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UK at UofL: ‘Crazy things’ can happen

Vaught’s Views

Dominique Hawkins and girlfriend, Emma Smith, found there are a lot of Kentucky basketball fans in Indiana.

Dominique Hawkins and girlfriend, Emma Smith, found there are a lot of Kentucky basketball fans in Indiana.

It’s never too early in this state to speculate about the upcoming Kentucky-Louisville basketball game at the KFC Yum Center Dec. 21.

Both teams are nationally ranked — again. Kentucky has been sensational offensively most of the season, Louisville has been one of the nation’s best defensive teams.

So which team has more at stake in this game? That’s a question I posed to several media members who cover the Kentucky basketball team on a daily basis.

“Normally I would always say the Cardinals have more riding on this game because it’s been so difficult for them to win in the series lately,” said WLEX-TV sports anchor Keith Farmer. “This time I believe there’s more riding on it for the Wildcats.

“They already have a loss to UCLA and taking one to another highly-ranked team might start to make this young bunch of Wildcats start to think too much when it comes to the big games.”



Jeff Drummond, AllWildcats.com publisher, agrees with Farmer.

“The Cats are going to be a solid, if not heavy, favorite in this one. The Cards will be able to play with a nothing-to-lose mindset at home. With a loss to UCLA and some tricky non-conference matchups with North Carolina and Kansas looming, the Cats may feel a bit of pressure in this one with an eye on March seeding,” Drummond said.

Tom Leach, UK Radio Network play-by-play announcer, has a different view.

“It’s a close but I’ll say Louisville because the game is on their court and losing at home usually hurts a team’s reputation more than a road loss,” Leach said.

Put Keith Taylor of Kentucky Forward/Northern Kentucky Tribune in line with Leach.

“I think Louisville because of its recent lack of success in the series. Kentucky has won nine of the last 10 games between the two rivals and John Calipari is 8-1 against the Cards and Rick Pitino,” Taylor said.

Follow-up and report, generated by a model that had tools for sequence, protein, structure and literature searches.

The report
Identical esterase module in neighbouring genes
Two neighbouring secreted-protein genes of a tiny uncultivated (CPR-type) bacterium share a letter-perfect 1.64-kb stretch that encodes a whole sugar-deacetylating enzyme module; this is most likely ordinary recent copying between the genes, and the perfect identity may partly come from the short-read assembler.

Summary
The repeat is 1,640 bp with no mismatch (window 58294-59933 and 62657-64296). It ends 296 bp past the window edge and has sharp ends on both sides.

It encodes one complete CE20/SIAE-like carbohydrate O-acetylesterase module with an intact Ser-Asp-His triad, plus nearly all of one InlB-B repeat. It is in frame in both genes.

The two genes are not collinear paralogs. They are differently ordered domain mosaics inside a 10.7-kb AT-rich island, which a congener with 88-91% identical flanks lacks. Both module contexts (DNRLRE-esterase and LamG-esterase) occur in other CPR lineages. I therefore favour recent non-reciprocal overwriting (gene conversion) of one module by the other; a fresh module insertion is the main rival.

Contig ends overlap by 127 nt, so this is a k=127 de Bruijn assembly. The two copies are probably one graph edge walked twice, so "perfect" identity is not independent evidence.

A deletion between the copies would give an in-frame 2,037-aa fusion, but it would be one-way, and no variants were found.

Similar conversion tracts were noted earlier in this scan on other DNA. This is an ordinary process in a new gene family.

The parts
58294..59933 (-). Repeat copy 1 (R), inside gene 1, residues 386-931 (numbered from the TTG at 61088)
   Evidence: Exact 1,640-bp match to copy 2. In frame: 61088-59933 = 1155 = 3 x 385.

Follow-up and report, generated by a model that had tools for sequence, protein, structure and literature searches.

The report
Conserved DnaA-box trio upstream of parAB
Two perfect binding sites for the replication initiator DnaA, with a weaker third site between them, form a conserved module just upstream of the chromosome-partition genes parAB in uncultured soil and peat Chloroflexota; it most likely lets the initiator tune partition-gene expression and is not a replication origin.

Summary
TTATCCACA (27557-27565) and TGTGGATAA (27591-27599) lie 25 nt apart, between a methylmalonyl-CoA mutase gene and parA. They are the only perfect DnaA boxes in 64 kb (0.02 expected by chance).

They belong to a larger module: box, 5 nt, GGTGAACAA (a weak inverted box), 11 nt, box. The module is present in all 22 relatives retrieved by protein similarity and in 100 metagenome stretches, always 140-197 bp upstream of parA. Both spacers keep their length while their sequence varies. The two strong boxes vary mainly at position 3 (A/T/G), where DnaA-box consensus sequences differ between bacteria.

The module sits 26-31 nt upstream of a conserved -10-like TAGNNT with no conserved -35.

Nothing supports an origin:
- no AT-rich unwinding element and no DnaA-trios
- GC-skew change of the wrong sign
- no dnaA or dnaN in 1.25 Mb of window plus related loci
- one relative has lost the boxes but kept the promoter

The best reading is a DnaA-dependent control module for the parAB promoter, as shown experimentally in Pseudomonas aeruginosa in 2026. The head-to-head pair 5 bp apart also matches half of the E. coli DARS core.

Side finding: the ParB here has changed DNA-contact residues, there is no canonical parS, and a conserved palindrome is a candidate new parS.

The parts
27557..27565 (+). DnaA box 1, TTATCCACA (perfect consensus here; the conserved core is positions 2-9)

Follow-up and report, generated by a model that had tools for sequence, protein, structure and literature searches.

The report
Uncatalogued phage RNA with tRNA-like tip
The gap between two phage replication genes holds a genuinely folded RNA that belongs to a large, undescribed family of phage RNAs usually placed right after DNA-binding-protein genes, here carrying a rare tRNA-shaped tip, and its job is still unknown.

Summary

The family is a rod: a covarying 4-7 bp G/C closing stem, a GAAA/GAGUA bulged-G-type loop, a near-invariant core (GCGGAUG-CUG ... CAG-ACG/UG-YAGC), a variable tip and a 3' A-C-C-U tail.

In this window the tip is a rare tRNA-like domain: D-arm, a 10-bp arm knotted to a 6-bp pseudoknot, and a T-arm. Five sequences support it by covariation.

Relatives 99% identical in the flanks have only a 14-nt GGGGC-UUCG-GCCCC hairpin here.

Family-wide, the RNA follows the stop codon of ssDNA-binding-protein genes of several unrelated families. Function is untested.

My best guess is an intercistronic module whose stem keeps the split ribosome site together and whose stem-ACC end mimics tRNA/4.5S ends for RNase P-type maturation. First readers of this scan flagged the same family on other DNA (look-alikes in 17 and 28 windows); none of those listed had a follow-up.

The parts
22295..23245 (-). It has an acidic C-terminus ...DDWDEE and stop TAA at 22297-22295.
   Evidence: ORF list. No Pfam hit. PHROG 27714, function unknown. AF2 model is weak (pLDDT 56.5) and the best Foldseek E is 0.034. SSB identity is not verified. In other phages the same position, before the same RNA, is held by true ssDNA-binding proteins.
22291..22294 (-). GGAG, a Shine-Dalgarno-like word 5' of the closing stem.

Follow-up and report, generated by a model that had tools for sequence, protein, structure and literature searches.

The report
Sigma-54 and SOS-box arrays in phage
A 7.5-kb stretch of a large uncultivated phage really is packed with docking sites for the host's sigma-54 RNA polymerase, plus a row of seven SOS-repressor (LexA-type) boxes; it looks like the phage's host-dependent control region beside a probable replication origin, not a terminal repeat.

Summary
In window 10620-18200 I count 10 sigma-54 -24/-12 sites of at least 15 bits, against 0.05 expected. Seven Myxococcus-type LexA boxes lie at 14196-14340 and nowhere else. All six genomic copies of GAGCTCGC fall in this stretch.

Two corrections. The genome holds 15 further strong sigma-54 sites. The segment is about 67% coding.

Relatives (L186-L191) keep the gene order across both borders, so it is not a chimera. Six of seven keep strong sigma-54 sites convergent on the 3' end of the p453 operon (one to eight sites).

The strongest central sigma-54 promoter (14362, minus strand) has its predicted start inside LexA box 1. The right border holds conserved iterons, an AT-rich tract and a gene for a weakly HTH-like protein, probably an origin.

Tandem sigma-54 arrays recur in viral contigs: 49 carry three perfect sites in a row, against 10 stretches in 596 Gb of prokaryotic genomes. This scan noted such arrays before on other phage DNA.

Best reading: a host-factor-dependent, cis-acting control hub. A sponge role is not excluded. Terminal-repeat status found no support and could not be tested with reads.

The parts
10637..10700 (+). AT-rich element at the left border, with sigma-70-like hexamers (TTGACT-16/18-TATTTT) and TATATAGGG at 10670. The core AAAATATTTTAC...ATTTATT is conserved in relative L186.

They all four do agree on one thing — Kentucky will win.

“I think Kentucky’s offensive firepower and a tendency to minimize its turnovers will be the difference for the Cats in a close one,” Leach said.

Farmer came the closest to picking Louisville.

“I almost give the edge to the Cardinals because it’s on their home floor. But I believe UK will be able to get the running game going to win maybe an 80-75 game,” Farmer said.

Drummond expects a comfortable UK win — until he remembers what UK did to 26-point favorite Louisville in football.

“I think Kentucky should win this game by 12-15 points, but like the Governor’s Cup game showed us this year, crazy things tend to happen in rivalry matchups,” Drummond said. “If the Cats do win, it will be because they have an efficient offensive night and the Cards won’t be able to generate enough offense to keep pace.”

Taylor has a similar thought on UK’s offense.

“I think UK’s guard play will propel the Wildcats to a fifth straight win in the series. I don’t think UL can keep up with De’Aaron Fox, Malik Monk and Isaiah Briscoe,” Taylor said.


Ever wonder what it was like for Kentucky basketball players when they just try to get away to maybe have a fun day with their girlfriends.

Seniors Dominique Hawkins and Derek Willis tried to do that over the summer when they took their girlfriends, Emma Smith and Keely Potts, to Holiday World, an Indiana amusement park.

“It was crazy. We didn’t think it would be that bad at Holiday World because it was pretty far away but we got stopped so much,” Smith said. “We were literally hiding from people at some point because it got so bad. It was like people stalked us. There were so many fans. It was crazy, but we have got used to it and think it is funny. Over the years it is hard on Dom, but they embrace it as much as they can.”

It was hard for the players not to be noticed because Willis is 6-9.

“All the girls just stood there for pictures and followed us around. And in the water park, kids were coming out left and right for pictures and to see them,” Potts said. “So even in Indiana, there were Kentucky fans everywhere.”